More grim news for Brian Williams: Plurality of Americans say he should lose his job

Finding comes as Williams is on self-imposed leave following misleading statements on Iraq incident

By Luke Brinker
Published February 10, 2015 2:00PM (EST)
Brian Williams                          (Reuters/Phil Mccarten)
Brian Williams (Reuters/Phil Mccarten)

Announcing over the weekend that he would suspend himself from "NBC Nightly News" for "the next several days," Brian Williams vowed to "continue my career-long effort to be worthy of the trust of those who place their trust in us." A new poll indicates that Williams has his work cut out for him in accomplishing that task.

According to a Rasmussen Reports survey released Monday, 40 percent of Americans think Williams should resign following the revelation that he misled the public for years with a harrowing account of being aboard a helicopter that came under fire during the invasion of Iraq. Meanwhile, 35 percent say Williams should keep his job, and 25 percent aren't sure.

The poll underscores that questions surrounding Williams' credibility could have ramifications for more than just the veteran anchor's career. Fully 40 percent respondents said that they're now less likely to trust NBC's reporting, against eight percent who say they're more likely to do so and 45 percent for whom the controversy makes no difference.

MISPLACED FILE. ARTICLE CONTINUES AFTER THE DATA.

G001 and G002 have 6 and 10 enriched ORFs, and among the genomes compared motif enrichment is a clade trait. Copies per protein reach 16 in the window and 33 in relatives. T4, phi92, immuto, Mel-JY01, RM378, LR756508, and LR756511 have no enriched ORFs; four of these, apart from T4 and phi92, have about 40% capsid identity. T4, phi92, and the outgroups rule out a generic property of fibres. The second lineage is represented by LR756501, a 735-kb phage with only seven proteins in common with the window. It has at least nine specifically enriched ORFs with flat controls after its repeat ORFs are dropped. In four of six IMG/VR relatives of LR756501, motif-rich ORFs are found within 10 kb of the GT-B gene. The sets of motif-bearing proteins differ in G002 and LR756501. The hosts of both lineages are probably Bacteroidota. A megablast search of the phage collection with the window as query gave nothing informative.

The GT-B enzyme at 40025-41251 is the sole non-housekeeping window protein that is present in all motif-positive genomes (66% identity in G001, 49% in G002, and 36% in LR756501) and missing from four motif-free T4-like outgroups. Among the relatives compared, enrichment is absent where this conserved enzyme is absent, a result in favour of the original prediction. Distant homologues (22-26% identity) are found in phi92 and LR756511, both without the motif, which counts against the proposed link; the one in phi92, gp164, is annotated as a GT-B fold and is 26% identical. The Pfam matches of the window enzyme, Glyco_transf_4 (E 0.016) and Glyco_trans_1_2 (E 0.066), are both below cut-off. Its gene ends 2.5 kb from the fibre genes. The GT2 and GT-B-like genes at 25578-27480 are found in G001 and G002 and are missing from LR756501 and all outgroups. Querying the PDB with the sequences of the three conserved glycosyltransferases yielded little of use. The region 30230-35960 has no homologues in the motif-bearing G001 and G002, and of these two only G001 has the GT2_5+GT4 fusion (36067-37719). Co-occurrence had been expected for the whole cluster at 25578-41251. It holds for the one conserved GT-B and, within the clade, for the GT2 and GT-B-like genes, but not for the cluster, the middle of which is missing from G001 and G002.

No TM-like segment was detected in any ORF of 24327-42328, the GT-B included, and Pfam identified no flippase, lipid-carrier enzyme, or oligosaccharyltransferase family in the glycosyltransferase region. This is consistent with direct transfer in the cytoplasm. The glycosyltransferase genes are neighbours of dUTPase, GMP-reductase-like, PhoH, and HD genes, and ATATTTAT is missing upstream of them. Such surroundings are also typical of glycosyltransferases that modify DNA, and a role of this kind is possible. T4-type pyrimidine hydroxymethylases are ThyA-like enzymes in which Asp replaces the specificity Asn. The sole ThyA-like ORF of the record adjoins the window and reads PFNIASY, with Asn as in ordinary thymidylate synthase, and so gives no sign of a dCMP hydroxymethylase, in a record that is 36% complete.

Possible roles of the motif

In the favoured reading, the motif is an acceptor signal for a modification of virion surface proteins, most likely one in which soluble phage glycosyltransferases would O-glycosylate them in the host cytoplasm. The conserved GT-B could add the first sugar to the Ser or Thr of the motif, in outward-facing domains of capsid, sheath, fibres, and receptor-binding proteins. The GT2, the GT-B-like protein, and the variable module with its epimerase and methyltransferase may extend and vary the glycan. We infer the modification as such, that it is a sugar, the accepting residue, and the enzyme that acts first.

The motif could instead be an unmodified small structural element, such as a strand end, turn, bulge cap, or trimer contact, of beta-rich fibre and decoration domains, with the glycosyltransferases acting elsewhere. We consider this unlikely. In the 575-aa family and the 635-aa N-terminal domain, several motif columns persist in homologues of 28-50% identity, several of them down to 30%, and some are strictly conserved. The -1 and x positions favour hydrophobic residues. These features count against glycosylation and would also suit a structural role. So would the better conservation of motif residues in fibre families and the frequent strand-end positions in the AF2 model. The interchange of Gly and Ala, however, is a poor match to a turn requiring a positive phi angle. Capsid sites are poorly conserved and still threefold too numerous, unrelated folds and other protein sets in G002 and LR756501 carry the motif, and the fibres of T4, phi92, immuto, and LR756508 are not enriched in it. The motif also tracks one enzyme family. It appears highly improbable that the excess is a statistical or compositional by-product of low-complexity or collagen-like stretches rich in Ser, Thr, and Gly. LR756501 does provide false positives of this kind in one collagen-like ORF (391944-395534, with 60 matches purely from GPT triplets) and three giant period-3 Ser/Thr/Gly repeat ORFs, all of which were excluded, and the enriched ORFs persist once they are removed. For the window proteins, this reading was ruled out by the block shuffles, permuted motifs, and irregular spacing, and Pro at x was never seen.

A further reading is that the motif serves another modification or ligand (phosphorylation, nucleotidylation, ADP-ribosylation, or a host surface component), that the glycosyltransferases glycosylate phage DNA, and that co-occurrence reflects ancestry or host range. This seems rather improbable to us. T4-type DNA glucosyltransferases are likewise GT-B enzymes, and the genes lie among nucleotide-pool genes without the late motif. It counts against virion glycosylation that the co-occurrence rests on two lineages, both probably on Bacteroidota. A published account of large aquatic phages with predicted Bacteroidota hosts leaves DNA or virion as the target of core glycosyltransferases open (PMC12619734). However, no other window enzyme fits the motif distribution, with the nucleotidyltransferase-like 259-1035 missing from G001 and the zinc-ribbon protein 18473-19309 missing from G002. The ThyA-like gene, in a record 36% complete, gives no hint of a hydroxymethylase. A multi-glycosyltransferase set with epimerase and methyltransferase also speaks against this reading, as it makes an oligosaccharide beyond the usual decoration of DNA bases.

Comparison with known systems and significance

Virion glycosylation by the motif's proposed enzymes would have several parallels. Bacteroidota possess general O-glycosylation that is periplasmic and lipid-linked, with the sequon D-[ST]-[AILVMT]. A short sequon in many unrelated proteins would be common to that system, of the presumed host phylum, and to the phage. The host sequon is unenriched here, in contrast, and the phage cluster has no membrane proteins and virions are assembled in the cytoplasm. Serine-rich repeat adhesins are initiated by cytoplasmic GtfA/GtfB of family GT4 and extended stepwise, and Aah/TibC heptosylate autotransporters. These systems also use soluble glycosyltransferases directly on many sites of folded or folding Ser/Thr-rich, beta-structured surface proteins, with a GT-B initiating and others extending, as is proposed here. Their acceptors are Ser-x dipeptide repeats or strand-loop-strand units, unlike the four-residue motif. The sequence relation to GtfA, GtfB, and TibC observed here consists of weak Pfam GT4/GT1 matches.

Since the military newspaper Stars and Stripes first exposed Williams' Iraq embellishments last week, the journalist has also come under scrutiny for claims he's made about his reporting during Hurricane Katrina and Israel's 2006 war with the Lebanese militant group Hezbollah.

This week, the embattled newsman cancelled his scheduled Thursday appearance on David Letterman's "Late Show," the program on which Williams  once offered a gripping tale of having his aircraft fired upon in Iraq.

Luke Brinker

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